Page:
We know that drones have been used quite extensively in search and rescue operations these days, but have you ever wondered just how many people have actually been saved by drones?
Well, drone-maker DJI actually did a survey to find out, by collecting incidents reported in the media of the use of drones in search and rescue operations around the world.
From the survey of reported incidents, the company has produced a report about how many people have actually been saved as a direct result of using drones.
Based on the report, which logged some 18 incidents from 2013 to 2017, the total number of people “in imminent peril” who were directly located, assisted and/or rescued with drones numbered exactly 59.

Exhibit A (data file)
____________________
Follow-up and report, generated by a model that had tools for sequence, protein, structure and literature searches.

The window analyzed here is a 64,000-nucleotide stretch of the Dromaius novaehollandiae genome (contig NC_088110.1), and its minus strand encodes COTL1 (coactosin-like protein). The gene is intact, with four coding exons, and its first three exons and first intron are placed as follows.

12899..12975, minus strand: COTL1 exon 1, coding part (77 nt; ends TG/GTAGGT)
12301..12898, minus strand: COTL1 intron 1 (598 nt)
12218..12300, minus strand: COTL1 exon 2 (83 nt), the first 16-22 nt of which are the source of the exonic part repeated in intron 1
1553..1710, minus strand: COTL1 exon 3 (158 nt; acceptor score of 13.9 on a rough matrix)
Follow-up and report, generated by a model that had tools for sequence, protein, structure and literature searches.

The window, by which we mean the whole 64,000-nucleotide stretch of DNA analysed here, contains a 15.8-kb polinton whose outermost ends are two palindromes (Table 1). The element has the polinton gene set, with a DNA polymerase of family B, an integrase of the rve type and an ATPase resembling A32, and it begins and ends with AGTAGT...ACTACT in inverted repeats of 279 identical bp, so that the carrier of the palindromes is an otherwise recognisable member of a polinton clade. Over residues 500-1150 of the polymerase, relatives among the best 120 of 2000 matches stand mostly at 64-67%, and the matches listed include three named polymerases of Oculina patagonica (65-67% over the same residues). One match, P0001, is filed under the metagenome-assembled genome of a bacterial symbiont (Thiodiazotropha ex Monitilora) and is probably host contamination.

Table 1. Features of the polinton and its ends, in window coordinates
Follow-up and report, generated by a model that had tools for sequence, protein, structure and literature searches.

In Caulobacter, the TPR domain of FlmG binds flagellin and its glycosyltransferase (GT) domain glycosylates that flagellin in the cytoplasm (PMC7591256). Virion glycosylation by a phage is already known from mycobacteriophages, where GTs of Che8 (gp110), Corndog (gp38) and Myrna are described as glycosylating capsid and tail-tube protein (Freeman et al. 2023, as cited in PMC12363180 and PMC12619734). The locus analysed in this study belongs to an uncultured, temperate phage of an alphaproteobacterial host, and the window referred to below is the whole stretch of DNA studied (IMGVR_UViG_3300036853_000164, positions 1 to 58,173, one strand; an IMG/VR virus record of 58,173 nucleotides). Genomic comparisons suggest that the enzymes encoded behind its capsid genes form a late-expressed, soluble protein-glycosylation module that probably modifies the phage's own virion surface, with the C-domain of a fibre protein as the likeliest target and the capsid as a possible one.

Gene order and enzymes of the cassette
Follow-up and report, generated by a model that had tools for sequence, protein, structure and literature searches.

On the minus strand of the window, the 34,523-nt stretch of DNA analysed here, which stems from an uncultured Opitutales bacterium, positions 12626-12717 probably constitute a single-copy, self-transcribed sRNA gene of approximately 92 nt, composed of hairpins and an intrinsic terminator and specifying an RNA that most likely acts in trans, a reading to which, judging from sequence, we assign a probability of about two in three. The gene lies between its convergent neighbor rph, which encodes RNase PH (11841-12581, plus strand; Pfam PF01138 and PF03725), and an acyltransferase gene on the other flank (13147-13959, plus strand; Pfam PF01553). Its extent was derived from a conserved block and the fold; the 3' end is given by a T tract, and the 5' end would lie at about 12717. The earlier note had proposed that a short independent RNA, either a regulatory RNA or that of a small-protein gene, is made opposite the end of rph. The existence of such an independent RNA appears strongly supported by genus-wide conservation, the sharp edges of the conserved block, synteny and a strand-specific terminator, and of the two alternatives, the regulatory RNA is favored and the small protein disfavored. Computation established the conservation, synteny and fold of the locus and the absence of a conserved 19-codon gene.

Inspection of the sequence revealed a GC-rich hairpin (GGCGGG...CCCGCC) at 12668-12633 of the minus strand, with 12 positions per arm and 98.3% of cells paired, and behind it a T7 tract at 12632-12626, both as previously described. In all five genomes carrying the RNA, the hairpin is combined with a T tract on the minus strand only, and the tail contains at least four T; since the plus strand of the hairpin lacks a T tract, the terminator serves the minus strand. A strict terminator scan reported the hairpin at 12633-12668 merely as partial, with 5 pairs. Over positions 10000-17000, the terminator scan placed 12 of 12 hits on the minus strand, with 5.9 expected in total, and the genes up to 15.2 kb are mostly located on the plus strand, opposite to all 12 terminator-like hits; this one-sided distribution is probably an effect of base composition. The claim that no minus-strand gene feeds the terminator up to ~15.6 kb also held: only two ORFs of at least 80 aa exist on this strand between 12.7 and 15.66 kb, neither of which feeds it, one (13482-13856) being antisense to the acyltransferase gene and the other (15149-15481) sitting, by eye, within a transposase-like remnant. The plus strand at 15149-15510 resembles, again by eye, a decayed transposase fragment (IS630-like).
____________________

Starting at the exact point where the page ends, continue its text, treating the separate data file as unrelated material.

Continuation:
However, what’s more interesting is that the bulk of those rescues (that’s 38 if you’re counting) happened between May 2016 and February 2017, which shows that the number of search and rescue operations that utilise drones is definitely on the rise.
While 59 doesn’t actually seem like such a large number, the report goes on to say that since the survey was based on incidents reported in the media only, the actual figure is likely to be higher since many such rescues go unreported.
The DJI report also doesn’t take into account where drones were used to indirectly save lives, such as when used to narrow search zones or where drones were used but it was unclear whether the drones played a substantial role in lifesaving rescues.
For those lives that qualified to be counted, drones were directly involved in spotting survivors and in some cases, used to deliver rescue ropes and life jackets.
So the next time when you’re stranded in a flood and sitting on your roof, try looking up at the sky and listening for the telltale buzz – your saviour could be coming from the skies.
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